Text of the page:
We encourage Gov. Mike Parson to sign crime measures that would offer several protections to juveniles in the criminal justice system.
One measure would allow inmates who were given life sentences as juveniles to be eligible for parole after 15 years of time served. The law would not apply to those convicted of murder.
The Missouri Independent reported the measure was inspired by the case of Bobby Bostic, who has been imprisoned since 1997 in the Jefferson City Correctional Center for two armed robberies he committed when he was 16. No one was seriously injured, but he was still sentenced to 241 years in prison and would not be eligible for parole until 2091.
The bill would not apply to Alyssa Bustamante, the local woman who, at the age of 15, was convicted of murdering her 9-year-old neighbor Elizabeth Olten in St. Martins.
The Independent reported another bill would fund a law passed in 2018 to stop automatically charging 17-year-olds as adults. Missouri has already passed such the measure, but it has gone unfunded. So only two counties have started processing 17-year-olds through juvenile systems.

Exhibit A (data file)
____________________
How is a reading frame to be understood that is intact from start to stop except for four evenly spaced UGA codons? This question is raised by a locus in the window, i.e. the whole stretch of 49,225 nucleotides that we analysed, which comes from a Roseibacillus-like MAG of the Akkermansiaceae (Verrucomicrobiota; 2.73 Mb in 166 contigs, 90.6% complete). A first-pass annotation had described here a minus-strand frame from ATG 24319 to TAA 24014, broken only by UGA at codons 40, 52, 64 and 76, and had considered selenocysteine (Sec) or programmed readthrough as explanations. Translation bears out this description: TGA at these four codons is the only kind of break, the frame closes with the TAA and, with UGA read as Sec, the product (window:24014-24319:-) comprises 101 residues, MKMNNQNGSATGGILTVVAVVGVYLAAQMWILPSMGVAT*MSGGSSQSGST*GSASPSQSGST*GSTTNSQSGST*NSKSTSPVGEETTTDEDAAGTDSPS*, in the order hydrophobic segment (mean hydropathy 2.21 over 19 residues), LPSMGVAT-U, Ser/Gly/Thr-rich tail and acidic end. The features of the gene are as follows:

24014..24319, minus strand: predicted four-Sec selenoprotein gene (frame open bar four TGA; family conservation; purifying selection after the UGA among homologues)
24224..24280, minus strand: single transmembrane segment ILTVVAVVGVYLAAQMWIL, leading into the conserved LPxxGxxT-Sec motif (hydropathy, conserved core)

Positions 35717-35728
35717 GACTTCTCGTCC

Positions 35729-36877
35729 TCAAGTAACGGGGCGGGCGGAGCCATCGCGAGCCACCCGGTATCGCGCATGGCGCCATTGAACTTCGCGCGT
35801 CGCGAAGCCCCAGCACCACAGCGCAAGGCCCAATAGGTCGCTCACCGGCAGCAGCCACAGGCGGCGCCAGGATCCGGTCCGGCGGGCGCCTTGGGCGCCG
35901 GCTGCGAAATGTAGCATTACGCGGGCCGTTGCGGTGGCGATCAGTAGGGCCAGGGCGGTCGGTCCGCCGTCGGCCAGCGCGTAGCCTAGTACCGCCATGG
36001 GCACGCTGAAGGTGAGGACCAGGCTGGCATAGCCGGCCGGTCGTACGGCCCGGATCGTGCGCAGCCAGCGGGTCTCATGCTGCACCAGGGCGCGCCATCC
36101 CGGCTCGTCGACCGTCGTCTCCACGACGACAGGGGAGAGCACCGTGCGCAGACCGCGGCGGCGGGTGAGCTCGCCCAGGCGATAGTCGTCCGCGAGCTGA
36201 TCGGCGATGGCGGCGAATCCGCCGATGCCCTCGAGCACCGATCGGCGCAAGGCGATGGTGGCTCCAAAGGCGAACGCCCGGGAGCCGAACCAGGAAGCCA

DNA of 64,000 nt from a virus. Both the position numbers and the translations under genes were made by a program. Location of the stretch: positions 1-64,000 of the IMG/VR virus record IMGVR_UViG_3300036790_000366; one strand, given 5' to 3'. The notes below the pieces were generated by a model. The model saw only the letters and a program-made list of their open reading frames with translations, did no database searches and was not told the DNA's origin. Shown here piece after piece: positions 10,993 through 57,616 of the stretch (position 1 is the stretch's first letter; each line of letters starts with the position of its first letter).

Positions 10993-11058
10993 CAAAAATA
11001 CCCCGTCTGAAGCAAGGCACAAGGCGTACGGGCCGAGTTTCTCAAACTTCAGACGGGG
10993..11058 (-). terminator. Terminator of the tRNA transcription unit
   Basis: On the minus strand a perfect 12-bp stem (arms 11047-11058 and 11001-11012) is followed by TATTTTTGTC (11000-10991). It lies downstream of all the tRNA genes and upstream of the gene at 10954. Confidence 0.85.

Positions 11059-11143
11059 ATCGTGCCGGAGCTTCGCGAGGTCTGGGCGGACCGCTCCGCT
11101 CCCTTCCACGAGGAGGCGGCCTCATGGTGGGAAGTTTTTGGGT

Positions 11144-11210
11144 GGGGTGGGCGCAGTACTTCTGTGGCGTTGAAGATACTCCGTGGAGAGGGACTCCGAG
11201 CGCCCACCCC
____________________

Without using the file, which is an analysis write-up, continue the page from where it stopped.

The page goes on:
The bill includes $17 million in funding for the program.
The Legislature also approved a bill that will prevent children as young as 12 who have been certified as adults from being held in adult jails while awaiting their court dates.
Another bill would deal with the issue of children waiving their right to counsel.
Under the pending law, courts must do a serious review if children facing felonies waive their right to counsel, the Independent reported.
Juveniles who commit serious crimes should face serious punishment. But we have to remember they're still juveniles, and it doesn't always make sense to lock them up with adults and throw away the key.
These crime bills dealing with juveniles don't go soft on crime, but they strike a good balance between justice and offering protections for offenders who are not yet adults.
We urge the governor to sign the measures.